Casey Hayden, an important organizer for the Student Nonviolent Coordinating Committee during its push for civil rights in the early 1960s and the co-author of two papers that called out sexism within that organization, and society in general — documents that are credited with helping to inspire second-wave feminism — died on Jan. 4 in Arizona. She was 85.
The SNCC Digital Gateway, an internet archive of the movement, posted news of her death on its website. No cause was given.
Ms. Hayden, a native Texan, was a graduate student at the University of Texas in Austin in early 1960 when she joined Black students in anti-segregation protests. According to newspaper accounts at the time, she was one of the first white students to do so.
Later that year she was a delegate to the United States National Student Association Congress at the University of Minnesota. The congress, Ms. Hayden wrote in an essay in “Hands on the Freedom Plow: Personal Accounts of Women in SNCC” (2010), consisted mostly of white students, many from the South and “all for law and order.” A contingent of Black students representing the newly formed Student Nonviolent Coordinating Committee was not finding much sympathy and went looking for “a pro-sit-in white Southerner” to add to a panel on civil disobedience. Ms. Hayden took the assignment.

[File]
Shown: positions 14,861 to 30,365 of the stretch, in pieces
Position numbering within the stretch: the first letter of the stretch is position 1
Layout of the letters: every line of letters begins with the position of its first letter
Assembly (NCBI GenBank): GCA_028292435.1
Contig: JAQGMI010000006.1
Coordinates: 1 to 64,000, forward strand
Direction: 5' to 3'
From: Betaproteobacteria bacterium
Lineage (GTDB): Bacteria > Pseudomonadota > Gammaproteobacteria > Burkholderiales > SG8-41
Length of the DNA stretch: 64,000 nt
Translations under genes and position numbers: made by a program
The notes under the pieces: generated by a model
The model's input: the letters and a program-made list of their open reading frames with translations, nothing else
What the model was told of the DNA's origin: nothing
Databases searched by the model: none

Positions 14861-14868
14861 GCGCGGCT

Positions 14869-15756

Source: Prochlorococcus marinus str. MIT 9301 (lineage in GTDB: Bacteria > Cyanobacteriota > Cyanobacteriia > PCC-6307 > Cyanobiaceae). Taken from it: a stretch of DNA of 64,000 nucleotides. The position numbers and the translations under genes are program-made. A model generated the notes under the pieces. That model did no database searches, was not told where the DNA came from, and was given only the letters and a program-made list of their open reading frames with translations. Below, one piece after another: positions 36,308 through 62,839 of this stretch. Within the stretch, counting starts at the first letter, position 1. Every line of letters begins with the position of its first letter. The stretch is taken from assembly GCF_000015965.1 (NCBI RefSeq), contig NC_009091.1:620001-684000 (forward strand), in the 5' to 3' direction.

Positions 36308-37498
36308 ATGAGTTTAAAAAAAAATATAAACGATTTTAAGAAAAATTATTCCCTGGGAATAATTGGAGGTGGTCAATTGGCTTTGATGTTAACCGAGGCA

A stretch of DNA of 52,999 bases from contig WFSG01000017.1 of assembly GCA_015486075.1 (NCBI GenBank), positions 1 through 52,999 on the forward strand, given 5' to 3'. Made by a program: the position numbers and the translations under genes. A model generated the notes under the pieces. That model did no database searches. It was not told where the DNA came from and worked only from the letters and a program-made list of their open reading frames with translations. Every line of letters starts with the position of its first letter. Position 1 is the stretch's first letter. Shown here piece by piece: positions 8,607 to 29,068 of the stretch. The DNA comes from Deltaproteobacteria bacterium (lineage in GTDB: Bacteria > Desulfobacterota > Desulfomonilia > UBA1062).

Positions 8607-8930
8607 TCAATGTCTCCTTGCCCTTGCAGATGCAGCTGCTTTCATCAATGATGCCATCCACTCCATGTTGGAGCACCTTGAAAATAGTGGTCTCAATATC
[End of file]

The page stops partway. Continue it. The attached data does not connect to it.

“Twenty-two years old, I had a strong Southern drawl and hardly spoke above a whisper,” she wrote. But her words resonated.
“I cannot say to a person who suffers injustice, ‘Wait,’” she told the audience that day. “Perhaps you can; I can’t. And having decided that I cannot urge caution, I must stand with him.”
The crowd gave her a standing ovation, and the event gave a boost to the idea of student activism, bringing new credibility to S.N.C.C. and other groups, including Students for a Democratic Society, which became known for its opposition to the Vietnam War. Ms. Hayden was on her way to becoming a force in the peace and social justice movements.
She had met Tom Hayden at the conference, and she joined him and others in getting Students for a Democratic Society off the ground. She and Mr. Hayden married in 1961, and though the marriage lasted only two years, Wesley Hogan, a research professor at the John Hope Franklin Institute at Duke University who has studied Ms. Hayden’s life extensively, said that Ms. Hayden was at the center of things in those formative years.